Milus Instant Date?

Thread: Milus Instant Date?

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  1. #1
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    Milus Instant Date?

    Just received this watch. I've not been able to find much information on it. About the only thing I have found states that it is from around 1945. I find this hard to believe because of the excellant shape it is in. Any information would be appreciated. I have not removed the back to look at the movement but will soon and can post a picture soon.


  2. #2
    Member jedanzoom's Avatar
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    Re: Milus Instant Date?

    I would say that this watch is from 1950s.Movement will tell you the truth.
    “Thoughts are the shadows of our feelings - always darker, emptier and simpler.”

    Friedrich Nietzsche

    http://www.portalsatova.com/forum/

  3. #3
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    Re: Milus Instant Date?

    Quote Originally Posted by jedanzoom View Post
    I would say that this watch is from 1950s.Movement will tell you the truth.
    I would go one step further and say that it's very likely from the sixties, perhaps even seventies. There is practically no way that that watch is from 1945.

    Although it doesn't say "Automatic" on the dial, the high jewel count (21) suggests that it may have automatic winding. It also has a date feature, a comparative rarity in the fifties and rather more common from the sixties onwards, and it has an instant date function - definitely a rarity in the fifties! The overall style is also rather more sixties/early seventies. My guess is an Adolf Schild (they, seem to have been particularly partial to red date numerals) or ETA movement.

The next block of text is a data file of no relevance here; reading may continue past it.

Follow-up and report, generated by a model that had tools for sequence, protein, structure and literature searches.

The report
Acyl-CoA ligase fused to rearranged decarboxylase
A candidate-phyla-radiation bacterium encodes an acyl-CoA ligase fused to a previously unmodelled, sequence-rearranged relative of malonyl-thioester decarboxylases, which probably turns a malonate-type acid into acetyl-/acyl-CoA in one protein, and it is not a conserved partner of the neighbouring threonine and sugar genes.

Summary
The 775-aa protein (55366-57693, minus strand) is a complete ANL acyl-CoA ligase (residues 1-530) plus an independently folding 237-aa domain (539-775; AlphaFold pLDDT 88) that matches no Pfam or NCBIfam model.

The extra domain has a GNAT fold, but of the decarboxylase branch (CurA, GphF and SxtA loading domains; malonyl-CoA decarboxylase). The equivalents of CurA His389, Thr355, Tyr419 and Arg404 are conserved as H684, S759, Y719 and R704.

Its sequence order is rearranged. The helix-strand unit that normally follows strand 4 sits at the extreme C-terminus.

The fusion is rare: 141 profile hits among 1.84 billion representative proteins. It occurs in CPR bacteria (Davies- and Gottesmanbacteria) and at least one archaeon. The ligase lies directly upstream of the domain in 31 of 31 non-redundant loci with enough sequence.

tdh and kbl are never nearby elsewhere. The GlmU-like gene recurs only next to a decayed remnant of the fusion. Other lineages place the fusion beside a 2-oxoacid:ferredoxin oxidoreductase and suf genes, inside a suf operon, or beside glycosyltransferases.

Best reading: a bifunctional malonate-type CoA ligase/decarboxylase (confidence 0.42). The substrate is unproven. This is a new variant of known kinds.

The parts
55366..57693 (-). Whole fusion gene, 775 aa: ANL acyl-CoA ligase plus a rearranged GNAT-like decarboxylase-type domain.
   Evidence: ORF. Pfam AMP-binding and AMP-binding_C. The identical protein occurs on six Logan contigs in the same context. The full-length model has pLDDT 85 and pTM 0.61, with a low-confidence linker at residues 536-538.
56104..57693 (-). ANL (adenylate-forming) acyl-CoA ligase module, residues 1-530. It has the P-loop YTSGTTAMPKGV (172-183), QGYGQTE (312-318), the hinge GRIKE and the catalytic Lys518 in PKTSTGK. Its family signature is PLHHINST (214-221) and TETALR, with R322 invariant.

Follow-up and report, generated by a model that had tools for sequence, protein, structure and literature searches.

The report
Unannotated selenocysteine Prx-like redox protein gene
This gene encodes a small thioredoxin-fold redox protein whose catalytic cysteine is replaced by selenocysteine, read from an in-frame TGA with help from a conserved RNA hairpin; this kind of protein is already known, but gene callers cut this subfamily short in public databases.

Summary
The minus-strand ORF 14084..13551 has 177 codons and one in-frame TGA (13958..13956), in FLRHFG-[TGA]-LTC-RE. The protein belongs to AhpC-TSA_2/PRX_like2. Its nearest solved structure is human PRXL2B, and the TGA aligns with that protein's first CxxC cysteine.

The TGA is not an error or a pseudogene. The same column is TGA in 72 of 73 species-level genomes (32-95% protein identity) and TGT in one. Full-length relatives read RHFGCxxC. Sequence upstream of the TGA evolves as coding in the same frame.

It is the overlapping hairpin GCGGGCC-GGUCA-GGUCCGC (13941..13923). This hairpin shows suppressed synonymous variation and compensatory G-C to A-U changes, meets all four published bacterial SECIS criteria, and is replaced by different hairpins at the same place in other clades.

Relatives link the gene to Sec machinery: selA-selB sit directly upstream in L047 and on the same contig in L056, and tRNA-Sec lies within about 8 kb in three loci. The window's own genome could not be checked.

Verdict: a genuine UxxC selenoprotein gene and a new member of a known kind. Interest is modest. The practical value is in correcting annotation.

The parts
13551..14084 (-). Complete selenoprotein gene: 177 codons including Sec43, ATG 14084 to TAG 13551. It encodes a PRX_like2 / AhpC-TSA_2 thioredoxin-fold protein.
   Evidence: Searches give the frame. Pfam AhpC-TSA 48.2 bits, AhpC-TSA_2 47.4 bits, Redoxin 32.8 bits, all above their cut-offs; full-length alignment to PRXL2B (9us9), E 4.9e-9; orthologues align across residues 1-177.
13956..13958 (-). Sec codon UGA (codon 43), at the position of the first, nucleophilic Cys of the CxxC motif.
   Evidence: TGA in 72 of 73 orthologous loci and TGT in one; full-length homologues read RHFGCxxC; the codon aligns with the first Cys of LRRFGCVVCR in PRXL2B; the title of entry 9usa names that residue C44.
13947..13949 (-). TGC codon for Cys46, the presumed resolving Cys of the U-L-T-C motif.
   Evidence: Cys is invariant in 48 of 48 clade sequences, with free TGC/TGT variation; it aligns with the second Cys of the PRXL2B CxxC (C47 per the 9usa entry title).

Hartmut Richter

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    Re: Milus Instant Date?

    Thanks for the reply guys. Here is a link that is one of the very few I could find on the web regarding the watch. I am not familiar with such "barter packs" but I find it interesting that this watch is shown in the photo.

    http://www.coloradoprospector.com/fo...?showtopic=391

  6. #5
    Member Ray MacDonald's Avatar
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    Re: Milus Instant Date?

    The dial and hands say 1950s and the date feature is a 1960s type of thing. So I'd say 1960.
    I agree with Hartmut. You'll never find that style of watch in the 1940s - 21 jewels - shock protection - no way.

    There are fathers who do not love their children; there is no grandfather who does not adore his grandson. ~ Victor Hugo

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    Member AbslomRob's Avatar
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    Re: Milus Instant Date?

    Dunno how much I trust the guy, but I have to laugh at the silly Rolex fanboy who thinks Rolex they invented the date complication.
    My growing collection of "affordable" vintages: http://www.abslomrob.com

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    Re: Milus Instant Date?

    Now with the movement pic.
    Quote Originally Posted by randballen View Post
    Just received this watch. I've not been able to find much information on it. About the only thing I have found states that it is from around 1945. I find this hard to believe because of the excellant shape it is in. Any information would be appreciated. I have not removed the back to look at the movement but will soon and can post a picture soon.